BP increased to about 230/165 mm Hg (from 130/80 mm Hg) when a biceps curl was performed with heavy weights for the maximum amount of repetitions possible (meaning failure was reached as even 1 more repetition could not be performed without rest), with heavy referring to a weight that is 90% of the 1-repetition maximum (a weight with which only 1 repetition can be performed). Using lighter weights (40% of the 1-repetition maximum) led to an even greater increase in BP if the maximum number of repetitions possible was performed.3 Thus, when weightlifting, it seems that the greatest increase in blood pressure occurs when performing repetitions to the point that even 1 more cannot be performed, regardless of how light or heavy the weight is. Given this, it is important for the postaortic dissection patient to use a low amount of weight and to stop several repetitions before failure. These data may also suggest using caution and minimizing lifting heavy objects, with heavy being defined as objects that require a lot of effort and straining (such as a Valsalva maneuver) to lift.

Daily Exercise Suggestions

Regular aerobic exercise may lower resting BP by a greater amount compared with weight lifting (3–8 mm Hg versus 2–3 mm Hg).4 Lowering resting BP may reduce the chance of future aortic complications. High intensity exercise may not be necessary to receive these benefits.4 The general health recommendation is to engage in aerobic activity at an intensity of 3 to 5 METs (moderate exertion), for at least 30 minutes on most days of the week, for a total of 150 minutes/week or more. Thus, walking, slow jogging, and recreational cycling at a casual pace may be sufficient if the goal is a reduction in resting blood pressure and improved cardiovascular health, while possibly minimizing the risk of aortic complications. We also recommend weightlifting using a very low amount of weights, given its positive effect on strength and bone mineral density, but encourage patients to avoid straining and to stop well before fatigue.

Sexual Activity

Sexual activity has only a moderate effect on BP and HR among healthy individuals. The greatest increase in blood pressure during sexual activity occurs at orgasm, with an increase in SBP of 40 mm Hg. The BP normalizes within 2 minutes. A common sense approach to sexual activity, avoiding straining or maximal exertion, may be safe for the postdissection patient.


Routine physical exercise performed at a safe level is important for all individuals, including the patient after aortic dissection. It is prudent for postaortic dissection patients to minimize carrying objects that are so heavy that one has to strain or squeeze. It may also be important to avoid maximal exertion during aerobic activity (eg, running, sprinting). We recommend aerobic exercise at mild to moderate exertion (3–5 METs), for at least 30 minutes on most days of the week, for a total of 150 minutes/week, if the goal is a reduction in resting blood pressure and improved cardiovascular health, while possibly minimizing the risk of aortic dissection. If weightlifting is performed, we recommend using small amounts of weight and stopping several repetitions before failure, which will avoid straining. We suggest a common sense approach to sexual activity by avoiding straining, intense physical activity, or performance leading to shortness of breath. Because the response of BP and HR to exercise may vary widely among different individuals, one may consider low-level exercise testing or monitoring BP and HR during activity to ensure safety. Lastly, we encourage patients to discuss their activity concerns with the clinicians monitoring their cardiovascular health.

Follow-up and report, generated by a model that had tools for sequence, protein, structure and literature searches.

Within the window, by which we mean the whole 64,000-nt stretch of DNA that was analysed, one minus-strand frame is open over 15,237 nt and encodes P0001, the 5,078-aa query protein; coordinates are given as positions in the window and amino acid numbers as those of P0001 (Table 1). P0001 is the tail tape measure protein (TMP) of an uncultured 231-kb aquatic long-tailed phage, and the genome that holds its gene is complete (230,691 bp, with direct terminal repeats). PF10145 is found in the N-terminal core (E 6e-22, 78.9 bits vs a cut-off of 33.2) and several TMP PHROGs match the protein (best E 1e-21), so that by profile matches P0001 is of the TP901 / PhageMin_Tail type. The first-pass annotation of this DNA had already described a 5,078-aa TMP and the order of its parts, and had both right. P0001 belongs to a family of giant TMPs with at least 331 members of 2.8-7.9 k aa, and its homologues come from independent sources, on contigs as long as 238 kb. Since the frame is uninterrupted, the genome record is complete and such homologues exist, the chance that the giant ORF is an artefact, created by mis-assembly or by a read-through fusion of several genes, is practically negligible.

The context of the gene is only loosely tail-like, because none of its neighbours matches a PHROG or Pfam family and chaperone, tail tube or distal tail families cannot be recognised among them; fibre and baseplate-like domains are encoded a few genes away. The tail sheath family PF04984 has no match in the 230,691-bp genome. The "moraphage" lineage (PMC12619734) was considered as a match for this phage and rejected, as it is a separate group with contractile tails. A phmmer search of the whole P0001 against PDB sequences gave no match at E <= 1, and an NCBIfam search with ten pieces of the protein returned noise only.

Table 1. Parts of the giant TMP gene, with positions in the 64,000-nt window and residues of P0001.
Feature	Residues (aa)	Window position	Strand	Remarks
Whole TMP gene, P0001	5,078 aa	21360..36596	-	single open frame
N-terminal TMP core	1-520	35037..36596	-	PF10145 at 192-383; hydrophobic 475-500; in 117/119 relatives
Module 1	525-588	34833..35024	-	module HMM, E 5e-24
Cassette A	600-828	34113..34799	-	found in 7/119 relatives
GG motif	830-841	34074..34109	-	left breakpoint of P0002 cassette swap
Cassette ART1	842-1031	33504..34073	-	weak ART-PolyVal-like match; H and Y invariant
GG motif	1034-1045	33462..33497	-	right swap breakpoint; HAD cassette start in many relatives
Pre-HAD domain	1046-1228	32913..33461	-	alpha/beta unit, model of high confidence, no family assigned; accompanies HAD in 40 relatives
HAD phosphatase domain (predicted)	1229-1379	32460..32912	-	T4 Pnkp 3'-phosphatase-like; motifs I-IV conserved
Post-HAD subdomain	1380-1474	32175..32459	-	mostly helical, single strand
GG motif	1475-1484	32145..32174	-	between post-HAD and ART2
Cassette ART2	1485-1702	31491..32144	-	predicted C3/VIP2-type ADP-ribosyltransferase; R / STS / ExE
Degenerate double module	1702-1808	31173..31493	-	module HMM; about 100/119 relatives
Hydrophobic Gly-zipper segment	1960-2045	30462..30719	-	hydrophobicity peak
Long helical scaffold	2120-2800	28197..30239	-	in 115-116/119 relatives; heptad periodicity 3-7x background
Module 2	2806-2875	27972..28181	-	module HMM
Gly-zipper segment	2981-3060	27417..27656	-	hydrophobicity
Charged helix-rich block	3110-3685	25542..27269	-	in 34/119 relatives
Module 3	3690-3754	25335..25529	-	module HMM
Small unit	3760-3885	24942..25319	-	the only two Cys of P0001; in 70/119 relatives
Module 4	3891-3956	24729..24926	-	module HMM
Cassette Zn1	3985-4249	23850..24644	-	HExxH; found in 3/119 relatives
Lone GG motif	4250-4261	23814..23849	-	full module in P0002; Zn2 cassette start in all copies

Amy Gonzales-90

Name: Amy Gonzales
Age at time of Dissection: 90
Type of Dissection: Ascending
Date of Aortic Dissection: 1 October 2014
Tell Us Your Story:

This is my story, but I am not the one with an aortic dissection. I am looking for answers because my grandmother has one. She is 90 years old and has lived a good life. She has a DNR, and is sure that is what she wants. I live 6 hours away, and I just feel helpless. My mom, aunt, and uncle are with her, but I am not getting much information.

I do not know exactly where her dissection is or what type, but I do know they said the scar tissue from a bypass surgery was holding things together at the moment. They are sounding as though she is not going to make it through, but she has made it to almost 48 hours.

Can you give me any insight to what to expect? They are telling me it could be fast or slow, but not really defining what that means. She is heavily medicated, but conscious and aware. I am just trying to grasp best and worse case scenarios.

My grandfather is 92 and still alive. I am just so sad for everyone, and it seems as though she is in a lot of pain. Any insight would be appreciated.
Thank you!

Thank you so much for your prompt response, but I got the answers tonight. My grandmother passed. I am relieved she is not suffering but very concerned what this will do to my grandfather. He is 92 and they have been married for 68 years. He is already having circulation problems and he is diabetic. So we are moving on to best ways to care for him. I am grateful it went relatively quickly for her, and hope she is in a better place.
Amy Gonzales